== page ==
Fearful that COVID-19 would devastate elderly residents, the federal government on March 12 ordered nursing homes nationwide to bar visitors.
Though residents’ families and staff at the Brighton Rehabilitation and Wellness Center were all too aware of the growing pandemic around the country and world, until then nothing had changed for staff or residents in the building.
Brighton had been unable to find a lab to test for COVID-19, so none of the increasing number of sick residents by March 12 had yet been confirmed to have it.
But if the government-ordered lockdown itself wasn’t enough to get Brighton’s attention, the increasing number of suspected COVID-19 cases and their severity over the next two weeks was.
The daughters of Brighton resident Ala Mazzocca, 91, called almost daily after the lockdown, trying to get updates on her health or to get someone to put her on the phone.
Barbara Macurak said she called the nurse’s line repeatedly, letting the phone ring for up to 20 minutes. Someone finally answered March 25.
“Everyone’s sick,” a nurse told Ms. Macurak. “We’re just too busy. We don’t have time to answer the phone.”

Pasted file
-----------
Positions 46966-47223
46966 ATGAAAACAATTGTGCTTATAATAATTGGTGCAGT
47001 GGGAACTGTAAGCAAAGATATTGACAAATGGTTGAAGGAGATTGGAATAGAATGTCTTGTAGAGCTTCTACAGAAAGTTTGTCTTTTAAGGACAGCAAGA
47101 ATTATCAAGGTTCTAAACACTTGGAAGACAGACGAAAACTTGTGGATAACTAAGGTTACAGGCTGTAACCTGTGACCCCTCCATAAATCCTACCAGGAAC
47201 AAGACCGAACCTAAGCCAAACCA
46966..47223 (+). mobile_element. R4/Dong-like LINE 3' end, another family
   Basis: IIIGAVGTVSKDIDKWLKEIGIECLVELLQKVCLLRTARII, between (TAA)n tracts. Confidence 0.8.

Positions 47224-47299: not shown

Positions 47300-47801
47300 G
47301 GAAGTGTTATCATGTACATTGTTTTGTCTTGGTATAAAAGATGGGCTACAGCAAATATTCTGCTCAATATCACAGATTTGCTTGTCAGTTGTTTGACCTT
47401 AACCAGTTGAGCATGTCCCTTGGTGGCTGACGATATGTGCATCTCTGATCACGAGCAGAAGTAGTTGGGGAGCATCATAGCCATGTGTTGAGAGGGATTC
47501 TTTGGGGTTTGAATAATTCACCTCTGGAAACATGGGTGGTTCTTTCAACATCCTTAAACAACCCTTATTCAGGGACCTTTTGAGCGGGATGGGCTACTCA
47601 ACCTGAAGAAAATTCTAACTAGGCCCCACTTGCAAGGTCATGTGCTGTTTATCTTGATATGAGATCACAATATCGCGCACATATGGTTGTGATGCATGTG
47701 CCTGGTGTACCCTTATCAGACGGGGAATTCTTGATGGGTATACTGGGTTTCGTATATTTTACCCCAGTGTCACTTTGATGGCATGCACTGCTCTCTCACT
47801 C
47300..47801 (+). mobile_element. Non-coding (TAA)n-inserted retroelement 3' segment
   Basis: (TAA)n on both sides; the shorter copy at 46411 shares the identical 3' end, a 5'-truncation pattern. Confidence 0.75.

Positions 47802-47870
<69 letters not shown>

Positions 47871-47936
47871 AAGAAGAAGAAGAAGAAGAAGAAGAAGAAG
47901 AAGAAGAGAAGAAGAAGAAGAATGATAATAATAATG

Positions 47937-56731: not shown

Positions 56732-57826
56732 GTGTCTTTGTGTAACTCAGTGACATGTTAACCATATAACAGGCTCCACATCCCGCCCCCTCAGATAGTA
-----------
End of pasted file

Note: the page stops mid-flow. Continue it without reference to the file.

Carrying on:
Mrs. Mazzocca died April 13. Her family believes it was from COVID-19, although she was never tested.
After finally finding a lab to test residents and get the diagnoses back in one day, Brighton got its first two positive results Friday, March 27.
Families were not the only ones with concerns by that point.
“Our officers were reporting that multiple ambulances had been showing up all week and taking patients out to the hospital,” said Keith Pudlowski, vice president of St. Moritz Security Services, which had a contract at the time to provide security at Brighton.
“They’re standing there with no protective equipment, holding the door for them, and no one is telling them anything about what’s going on,” he said.
Mr. Pudlowski said the company’s eight guards were initially told that Brighton would not provide them with personal protective equipment, such as the masks and gowns that the staff and ambulance employees were wearing.
“They couldn’t get anything, where other locations where we work provided our guards with protective equipment,” Mr. Pudlowski said.
By Saturday night, March 28, one of the guards had refused to come to work because of his age and health issues, and others expressed concern about going back. So Mr. Pudlowski called Sam Halper, the managing partner for Brighton’s owner, Comprehensive Healthcare.
By then, the Pittsburgh Post-Gazette and other news outlets were reporting that Brighton had already recorded 14 positive cases among residents, with more tests pending.
“I expressed our concerns” about getting security guards protective equipment, Mr. Pudlowski said. “And I told him media is reporting there are 14 cases, and he denied that was true and said there were a lesser number of cases.